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Ex-Goldman Sachs programmer gets eight years in prison for code theft

SearchFinancialSecurity.com Staff

A former computer programmer for Goldman Sachs & Co. was sentenced Friday to eight years in prison for stealing proprietary code from the company.

A Manhattan federal court jury found Sergey Aleynikov guilty of theft of trade secrets

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and interstate transportation of stolen property in December. U.S. District Judge Denise L. Cote sentenced Aleynikov on Friday to 97 months in prison and fined him $12,500.

Cote said during the sentencing that Aleynikov’s “conduct deserves a significant sentence because the scope of his theft was audacious—motivated solely by greed, and it was characterized by supreme disloyalty to his employer.”

Aleynikov worked for Goldman Sachs from May 2007 to June 2009 and was responsible for developing computer programs supporting the firm’s high-frequency trading on commodities and equities markets, according to court records. In April 2009, he resigned to take a job at a new Chicago-based company, Teza Technologies, where he was hired to develop that firm’s own high-frequency trading computer platform.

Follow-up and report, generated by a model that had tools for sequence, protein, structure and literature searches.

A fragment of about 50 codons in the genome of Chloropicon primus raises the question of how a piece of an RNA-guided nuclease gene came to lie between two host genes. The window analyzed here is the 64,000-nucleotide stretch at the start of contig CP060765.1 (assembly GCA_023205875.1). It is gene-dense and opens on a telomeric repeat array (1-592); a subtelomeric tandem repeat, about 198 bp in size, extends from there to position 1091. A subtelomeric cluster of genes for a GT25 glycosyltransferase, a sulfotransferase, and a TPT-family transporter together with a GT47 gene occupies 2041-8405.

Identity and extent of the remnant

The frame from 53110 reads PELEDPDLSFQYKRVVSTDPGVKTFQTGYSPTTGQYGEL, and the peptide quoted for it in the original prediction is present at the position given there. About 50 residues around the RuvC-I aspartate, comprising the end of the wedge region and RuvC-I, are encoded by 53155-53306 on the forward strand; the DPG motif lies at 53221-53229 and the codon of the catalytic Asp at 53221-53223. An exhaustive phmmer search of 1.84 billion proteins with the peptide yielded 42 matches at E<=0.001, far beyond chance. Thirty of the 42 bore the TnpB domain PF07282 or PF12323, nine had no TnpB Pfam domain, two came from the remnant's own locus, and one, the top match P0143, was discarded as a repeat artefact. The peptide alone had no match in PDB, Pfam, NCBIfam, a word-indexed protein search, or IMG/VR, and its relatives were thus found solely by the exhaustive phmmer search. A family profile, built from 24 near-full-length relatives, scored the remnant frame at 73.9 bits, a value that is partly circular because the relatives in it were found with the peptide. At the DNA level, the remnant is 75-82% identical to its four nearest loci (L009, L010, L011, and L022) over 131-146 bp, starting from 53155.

On his last day at Goldman Sachs, Aleynikov transferred “substantial portions of the firm’s proprietary computer code for its trading platform to an outside computer server in Germany,” prosecutors said. He encrypted the files and transferred them over the Internet, then deleted the program he used to encrypt them along with his computer's “bash history,” which records the most recent commands executed on his computer.

Aleynikov also transferred thousands of computer code filed related to Goldman Sachs’ trading program to his home computers, authorities said.

On July 2, 2009, he flew to Chicago to attend meetings at Teza’s offices, bringing with him his laptop computer and another storage device, each of which contained Goldman Sachs’ proprietary source code. Authorities arrested him the next day as he arrived at Newark Airport after that visit.

 “Protecting the proprietary information of America’s companies is critically important. Today’s sentence sends a clear message that professionals like Sergey Aleynikov who abuse their positions of trust to steal confidential business information from their employers will be prosecuted and punished,” Manhattan U.S. Attorney Preet Bharara said in a prepared statement.

 


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